Sexual assault accusations rarely get to trial in China, and even if they do, the plaintiffs often face a difficult battle as the courts give little credence to testimony and place a heavy emphasis on “smoking gun” evidence, according to legal experts.

Against that backdrop, the Liu court settlement is seen as a mark of some progress amid legal setbacks in China.

In August, a court in China rejected an appeal by Zhou Xiaoxuan, a former state television intern, against the dismissal of her long-running landmark #MeToo case accusing a star presenter of sexual harassment.

Zhou, better known as Xianzi in China, became the face of the country’s #MeToo movement in 2018 when she publicly accused state television host Zhu Jun of groping and forcibly kissing her in a dressing room four years earlier when she was a 21-year-old intern.

Zhu, who was 50 at the time of the alleged incident, denied the accusation and sued Zhou for defamation. She then countersued, sparking a years-long legal battle that coincided with a wider crackdown by the ruling Chinese Communist Party on feminist activism and online discussion of women’s rights.

In a statement posted to her WeChat account, Zhou praised Liu Jingyao for standing up against powerful figures like Richard Liu in a case she said had “changed the times.”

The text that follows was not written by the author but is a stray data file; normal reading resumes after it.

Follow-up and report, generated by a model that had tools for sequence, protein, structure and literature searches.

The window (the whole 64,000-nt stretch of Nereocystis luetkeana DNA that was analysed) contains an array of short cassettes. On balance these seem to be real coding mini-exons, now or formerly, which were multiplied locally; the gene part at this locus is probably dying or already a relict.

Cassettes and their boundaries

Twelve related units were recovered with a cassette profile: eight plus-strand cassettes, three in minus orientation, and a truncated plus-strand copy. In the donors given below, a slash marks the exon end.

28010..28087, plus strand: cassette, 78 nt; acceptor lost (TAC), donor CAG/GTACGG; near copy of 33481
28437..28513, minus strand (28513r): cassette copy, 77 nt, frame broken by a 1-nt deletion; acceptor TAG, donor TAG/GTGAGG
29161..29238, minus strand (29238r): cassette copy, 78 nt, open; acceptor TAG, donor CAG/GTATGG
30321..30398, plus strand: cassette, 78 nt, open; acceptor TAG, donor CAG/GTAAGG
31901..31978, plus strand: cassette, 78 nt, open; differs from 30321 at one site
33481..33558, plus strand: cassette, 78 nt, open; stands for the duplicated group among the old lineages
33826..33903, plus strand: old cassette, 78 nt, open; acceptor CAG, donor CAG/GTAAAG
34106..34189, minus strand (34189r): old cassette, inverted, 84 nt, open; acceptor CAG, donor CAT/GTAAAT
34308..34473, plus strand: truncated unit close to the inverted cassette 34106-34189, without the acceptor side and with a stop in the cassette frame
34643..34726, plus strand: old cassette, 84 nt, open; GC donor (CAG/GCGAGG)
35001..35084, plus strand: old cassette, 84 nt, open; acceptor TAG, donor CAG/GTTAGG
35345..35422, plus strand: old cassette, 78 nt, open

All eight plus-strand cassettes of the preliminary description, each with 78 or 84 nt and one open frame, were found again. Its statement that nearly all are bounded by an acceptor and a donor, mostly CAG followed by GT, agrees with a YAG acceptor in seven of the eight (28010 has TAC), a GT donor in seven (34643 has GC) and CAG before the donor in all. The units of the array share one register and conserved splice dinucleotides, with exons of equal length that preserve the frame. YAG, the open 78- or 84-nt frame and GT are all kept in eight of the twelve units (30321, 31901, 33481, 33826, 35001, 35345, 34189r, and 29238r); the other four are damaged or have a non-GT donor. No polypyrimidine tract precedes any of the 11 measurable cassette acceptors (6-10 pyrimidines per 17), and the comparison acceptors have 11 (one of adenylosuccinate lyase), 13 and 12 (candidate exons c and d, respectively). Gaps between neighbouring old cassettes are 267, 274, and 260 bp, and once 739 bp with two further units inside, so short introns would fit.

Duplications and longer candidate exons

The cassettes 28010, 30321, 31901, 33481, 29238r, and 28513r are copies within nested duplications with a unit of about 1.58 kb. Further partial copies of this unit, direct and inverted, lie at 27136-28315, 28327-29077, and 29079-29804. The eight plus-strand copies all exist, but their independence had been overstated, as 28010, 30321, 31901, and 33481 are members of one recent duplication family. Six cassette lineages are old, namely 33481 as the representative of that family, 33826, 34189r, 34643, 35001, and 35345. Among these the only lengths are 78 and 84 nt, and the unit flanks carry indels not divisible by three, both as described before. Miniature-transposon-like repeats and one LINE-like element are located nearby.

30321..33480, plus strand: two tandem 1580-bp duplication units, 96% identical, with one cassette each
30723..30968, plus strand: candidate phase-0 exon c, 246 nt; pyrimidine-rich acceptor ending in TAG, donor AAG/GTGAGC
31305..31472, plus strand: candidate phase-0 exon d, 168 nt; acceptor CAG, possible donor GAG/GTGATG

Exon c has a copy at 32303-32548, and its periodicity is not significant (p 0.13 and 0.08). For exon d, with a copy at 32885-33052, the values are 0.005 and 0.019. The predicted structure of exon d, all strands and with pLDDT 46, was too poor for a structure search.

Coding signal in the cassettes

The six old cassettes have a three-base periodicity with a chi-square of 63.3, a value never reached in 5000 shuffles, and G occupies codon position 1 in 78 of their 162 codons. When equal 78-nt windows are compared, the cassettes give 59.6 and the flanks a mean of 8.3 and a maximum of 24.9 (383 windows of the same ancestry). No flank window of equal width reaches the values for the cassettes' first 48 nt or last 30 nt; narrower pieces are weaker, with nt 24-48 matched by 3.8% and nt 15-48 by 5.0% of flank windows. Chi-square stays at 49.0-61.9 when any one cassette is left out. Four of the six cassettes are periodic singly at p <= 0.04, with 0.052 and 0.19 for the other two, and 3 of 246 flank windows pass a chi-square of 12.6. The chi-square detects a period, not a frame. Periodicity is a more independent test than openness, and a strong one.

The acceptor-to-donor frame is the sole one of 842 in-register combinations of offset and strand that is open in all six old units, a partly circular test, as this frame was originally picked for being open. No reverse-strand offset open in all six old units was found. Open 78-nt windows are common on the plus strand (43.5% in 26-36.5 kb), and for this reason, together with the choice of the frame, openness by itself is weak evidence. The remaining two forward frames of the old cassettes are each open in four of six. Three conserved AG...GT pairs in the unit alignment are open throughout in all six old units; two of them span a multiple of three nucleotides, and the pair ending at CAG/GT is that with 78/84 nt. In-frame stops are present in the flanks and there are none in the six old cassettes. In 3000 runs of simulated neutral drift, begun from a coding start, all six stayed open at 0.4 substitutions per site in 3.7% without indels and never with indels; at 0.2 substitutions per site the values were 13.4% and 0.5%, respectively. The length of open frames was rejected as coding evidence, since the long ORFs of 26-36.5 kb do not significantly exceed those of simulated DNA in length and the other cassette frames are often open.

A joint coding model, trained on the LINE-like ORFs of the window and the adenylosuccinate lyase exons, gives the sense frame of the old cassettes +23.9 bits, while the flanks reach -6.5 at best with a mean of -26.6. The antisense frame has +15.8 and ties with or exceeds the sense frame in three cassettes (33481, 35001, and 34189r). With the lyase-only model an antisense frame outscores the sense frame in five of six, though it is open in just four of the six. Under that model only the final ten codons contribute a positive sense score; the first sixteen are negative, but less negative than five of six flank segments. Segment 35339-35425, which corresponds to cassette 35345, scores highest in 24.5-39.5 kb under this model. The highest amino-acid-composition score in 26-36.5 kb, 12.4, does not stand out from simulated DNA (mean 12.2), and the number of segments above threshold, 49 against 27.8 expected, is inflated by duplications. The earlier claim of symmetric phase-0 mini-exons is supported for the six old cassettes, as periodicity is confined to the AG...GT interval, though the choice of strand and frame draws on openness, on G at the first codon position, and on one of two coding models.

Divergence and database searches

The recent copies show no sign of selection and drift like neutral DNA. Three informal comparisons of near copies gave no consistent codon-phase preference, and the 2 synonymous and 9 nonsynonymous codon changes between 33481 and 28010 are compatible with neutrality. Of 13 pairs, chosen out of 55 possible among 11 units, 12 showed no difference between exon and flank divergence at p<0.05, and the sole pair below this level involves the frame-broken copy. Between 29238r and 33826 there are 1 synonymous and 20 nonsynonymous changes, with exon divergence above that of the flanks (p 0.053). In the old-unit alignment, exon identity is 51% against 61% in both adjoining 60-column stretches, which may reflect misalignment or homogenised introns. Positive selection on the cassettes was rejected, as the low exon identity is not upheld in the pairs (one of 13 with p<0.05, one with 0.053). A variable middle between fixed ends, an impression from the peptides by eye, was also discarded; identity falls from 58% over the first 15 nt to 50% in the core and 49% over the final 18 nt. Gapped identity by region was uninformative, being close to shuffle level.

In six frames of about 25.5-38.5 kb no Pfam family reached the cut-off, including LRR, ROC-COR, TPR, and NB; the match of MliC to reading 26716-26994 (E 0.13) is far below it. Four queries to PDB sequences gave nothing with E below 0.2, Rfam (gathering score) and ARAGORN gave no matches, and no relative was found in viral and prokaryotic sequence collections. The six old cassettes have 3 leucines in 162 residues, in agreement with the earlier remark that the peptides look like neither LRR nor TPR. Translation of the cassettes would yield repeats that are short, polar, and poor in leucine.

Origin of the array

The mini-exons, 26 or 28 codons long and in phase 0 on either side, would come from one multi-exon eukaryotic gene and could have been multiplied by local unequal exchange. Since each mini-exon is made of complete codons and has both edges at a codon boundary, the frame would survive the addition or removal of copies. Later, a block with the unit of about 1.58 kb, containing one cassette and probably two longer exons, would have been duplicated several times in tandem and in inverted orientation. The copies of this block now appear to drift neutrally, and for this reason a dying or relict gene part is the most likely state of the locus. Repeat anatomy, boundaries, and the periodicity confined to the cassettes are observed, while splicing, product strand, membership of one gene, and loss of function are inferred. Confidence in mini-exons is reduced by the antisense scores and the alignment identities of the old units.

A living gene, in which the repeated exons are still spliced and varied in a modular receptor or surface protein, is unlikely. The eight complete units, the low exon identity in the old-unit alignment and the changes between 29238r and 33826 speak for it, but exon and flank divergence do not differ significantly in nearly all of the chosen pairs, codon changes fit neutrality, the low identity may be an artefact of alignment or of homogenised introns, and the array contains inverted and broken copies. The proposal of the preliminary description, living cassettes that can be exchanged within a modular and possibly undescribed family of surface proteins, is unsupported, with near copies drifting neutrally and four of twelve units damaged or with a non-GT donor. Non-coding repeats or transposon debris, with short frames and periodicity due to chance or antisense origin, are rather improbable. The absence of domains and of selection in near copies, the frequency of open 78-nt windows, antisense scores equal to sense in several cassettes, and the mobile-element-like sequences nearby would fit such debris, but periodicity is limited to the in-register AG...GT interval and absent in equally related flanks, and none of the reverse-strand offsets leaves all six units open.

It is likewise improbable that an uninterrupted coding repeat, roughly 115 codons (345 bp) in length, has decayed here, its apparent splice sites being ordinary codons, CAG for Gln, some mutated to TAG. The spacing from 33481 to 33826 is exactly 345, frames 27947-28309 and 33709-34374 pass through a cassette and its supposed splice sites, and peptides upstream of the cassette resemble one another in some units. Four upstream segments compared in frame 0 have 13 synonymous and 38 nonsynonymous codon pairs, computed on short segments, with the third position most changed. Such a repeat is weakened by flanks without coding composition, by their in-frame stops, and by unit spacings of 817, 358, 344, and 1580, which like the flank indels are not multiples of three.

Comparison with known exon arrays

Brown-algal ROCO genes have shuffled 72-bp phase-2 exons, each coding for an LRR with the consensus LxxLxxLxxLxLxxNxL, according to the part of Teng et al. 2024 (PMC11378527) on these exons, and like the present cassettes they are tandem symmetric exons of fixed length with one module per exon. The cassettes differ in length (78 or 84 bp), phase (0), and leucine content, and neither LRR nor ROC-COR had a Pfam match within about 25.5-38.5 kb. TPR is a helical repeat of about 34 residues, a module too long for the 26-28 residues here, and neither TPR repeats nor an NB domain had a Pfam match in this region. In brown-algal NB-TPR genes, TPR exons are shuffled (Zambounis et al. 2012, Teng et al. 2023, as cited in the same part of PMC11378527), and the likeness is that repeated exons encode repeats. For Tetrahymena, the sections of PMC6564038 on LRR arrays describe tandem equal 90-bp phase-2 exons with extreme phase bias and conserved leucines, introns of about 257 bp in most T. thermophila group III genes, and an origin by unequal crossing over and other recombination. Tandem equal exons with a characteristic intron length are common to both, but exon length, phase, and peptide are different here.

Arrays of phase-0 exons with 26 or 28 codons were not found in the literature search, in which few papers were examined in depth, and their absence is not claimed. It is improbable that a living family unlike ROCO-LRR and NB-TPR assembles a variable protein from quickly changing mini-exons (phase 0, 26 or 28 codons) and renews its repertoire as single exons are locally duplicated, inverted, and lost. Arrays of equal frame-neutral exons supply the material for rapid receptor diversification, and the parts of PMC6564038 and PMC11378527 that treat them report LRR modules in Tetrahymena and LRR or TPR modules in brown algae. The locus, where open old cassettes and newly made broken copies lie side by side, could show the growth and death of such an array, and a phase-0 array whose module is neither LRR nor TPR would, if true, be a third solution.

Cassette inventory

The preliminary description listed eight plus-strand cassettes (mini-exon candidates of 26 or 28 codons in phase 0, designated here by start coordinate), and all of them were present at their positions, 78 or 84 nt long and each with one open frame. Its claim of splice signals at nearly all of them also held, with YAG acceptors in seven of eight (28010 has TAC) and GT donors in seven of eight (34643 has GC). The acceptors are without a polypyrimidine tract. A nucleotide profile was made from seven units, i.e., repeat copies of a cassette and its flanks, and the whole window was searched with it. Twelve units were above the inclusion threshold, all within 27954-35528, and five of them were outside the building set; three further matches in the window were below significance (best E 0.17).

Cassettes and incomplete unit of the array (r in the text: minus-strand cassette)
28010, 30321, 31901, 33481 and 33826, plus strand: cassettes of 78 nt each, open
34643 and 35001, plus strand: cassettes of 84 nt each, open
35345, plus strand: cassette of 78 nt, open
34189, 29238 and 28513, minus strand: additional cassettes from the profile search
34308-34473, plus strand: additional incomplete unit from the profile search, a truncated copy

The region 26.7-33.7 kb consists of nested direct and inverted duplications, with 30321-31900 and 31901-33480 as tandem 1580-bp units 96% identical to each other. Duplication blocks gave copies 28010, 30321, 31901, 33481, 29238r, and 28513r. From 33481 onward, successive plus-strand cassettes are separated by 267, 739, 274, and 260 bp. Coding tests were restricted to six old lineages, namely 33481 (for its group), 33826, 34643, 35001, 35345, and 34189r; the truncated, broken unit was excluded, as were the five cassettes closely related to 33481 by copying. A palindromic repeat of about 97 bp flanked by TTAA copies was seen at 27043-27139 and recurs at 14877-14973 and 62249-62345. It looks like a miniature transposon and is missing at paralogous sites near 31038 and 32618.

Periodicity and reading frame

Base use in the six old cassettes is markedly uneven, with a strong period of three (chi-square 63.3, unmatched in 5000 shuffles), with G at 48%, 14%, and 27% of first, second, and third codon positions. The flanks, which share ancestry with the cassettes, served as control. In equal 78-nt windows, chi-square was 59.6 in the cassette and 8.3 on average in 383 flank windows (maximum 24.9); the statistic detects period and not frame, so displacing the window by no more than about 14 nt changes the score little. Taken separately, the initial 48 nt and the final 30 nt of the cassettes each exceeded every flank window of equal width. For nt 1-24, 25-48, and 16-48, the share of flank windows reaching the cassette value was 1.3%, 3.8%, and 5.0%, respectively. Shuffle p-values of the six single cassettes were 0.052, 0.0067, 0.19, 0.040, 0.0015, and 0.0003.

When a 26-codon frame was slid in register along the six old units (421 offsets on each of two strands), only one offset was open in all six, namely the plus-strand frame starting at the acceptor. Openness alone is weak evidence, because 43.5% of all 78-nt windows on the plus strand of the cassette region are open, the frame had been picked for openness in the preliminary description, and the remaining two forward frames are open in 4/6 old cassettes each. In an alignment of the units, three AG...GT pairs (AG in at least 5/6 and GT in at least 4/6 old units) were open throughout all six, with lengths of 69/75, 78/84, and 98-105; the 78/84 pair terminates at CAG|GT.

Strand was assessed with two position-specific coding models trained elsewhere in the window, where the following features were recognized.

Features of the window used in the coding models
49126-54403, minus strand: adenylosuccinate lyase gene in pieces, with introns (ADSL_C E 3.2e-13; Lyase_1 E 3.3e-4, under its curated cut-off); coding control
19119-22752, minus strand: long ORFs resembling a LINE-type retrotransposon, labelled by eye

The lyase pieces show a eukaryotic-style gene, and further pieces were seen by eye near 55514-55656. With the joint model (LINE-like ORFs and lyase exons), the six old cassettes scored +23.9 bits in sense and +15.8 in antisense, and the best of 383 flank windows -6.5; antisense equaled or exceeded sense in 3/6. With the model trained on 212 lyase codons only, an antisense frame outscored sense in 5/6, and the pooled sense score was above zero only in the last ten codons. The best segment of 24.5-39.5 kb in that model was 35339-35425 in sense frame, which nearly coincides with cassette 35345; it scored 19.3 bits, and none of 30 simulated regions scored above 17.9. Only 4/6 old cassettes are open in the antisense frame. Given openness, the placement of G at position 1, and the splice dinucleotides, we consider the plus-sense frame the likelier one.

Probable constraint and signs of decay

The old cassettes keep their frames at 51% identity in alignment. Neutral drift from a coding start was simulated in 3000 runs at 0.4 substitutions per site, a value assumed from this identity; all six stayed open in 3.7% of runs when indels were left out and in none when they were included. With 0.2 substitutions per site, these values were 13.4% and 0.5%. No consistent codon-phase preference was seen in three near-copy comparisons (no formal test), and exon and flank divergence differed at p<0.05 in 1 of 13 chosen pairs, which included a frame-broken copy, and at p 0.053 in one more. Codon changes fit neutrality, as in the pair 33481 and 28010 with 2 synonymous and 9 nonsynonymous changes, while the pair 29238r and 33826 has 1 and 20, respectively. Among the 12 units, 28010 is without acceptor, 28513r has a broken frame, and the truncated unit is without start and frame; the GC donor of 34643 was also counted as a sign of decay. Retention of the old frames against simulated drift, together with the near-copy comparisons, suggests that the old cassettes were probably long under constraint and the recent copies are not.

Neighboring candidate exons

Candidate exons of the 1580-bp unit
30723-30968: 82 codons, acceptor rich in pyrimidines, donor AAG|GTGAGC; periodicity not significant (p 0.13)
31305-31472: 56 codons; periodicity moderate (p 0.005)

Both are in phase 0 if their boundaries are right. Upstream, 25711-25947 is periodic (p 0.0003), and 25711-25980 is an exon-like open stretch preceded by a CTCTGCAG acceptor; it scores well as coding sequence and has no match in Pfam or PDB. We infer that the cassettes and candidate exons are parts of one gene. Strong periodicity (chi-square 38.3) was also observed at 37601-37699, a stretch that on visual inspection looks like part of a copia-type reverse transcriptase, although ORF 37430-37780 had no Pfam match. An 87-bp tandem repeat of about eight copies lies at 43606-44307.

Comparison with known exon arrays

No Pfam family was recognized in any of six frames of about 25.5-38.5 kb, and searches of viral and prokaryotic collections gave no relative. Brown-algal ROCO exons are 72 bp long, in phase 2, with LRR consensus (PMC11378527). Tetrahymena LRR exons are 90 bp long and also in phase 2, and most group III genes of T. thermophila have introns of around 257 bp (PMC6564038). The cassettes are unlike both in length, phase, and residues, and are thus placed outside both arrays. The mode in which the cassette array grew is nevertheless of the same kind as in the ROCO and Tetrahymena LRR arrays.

“In these four years, she fought for feminists to give the biggest (platform) to discuss what is rape culture and what is power sexual assault,” Zhou said.

“Jingyao’s resistance four years ago was an extremely rare show of courage — it is not uncommon for business bosses to prey on young girls, but she is the first person to stand up, this is the courage beyond human nature,” Zhou said.

“Don’t forget that when all this happened, Jingyao was just a student. To this day, she is still dealing with’s strong public relations and well-paid lawyers,” she said.

“This was the best she and her lawyers can achieve. Her courage and persistence in the past four years was already a miracle.”

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CNN’s Nectar Gan and Michelle Toh contributed to this report.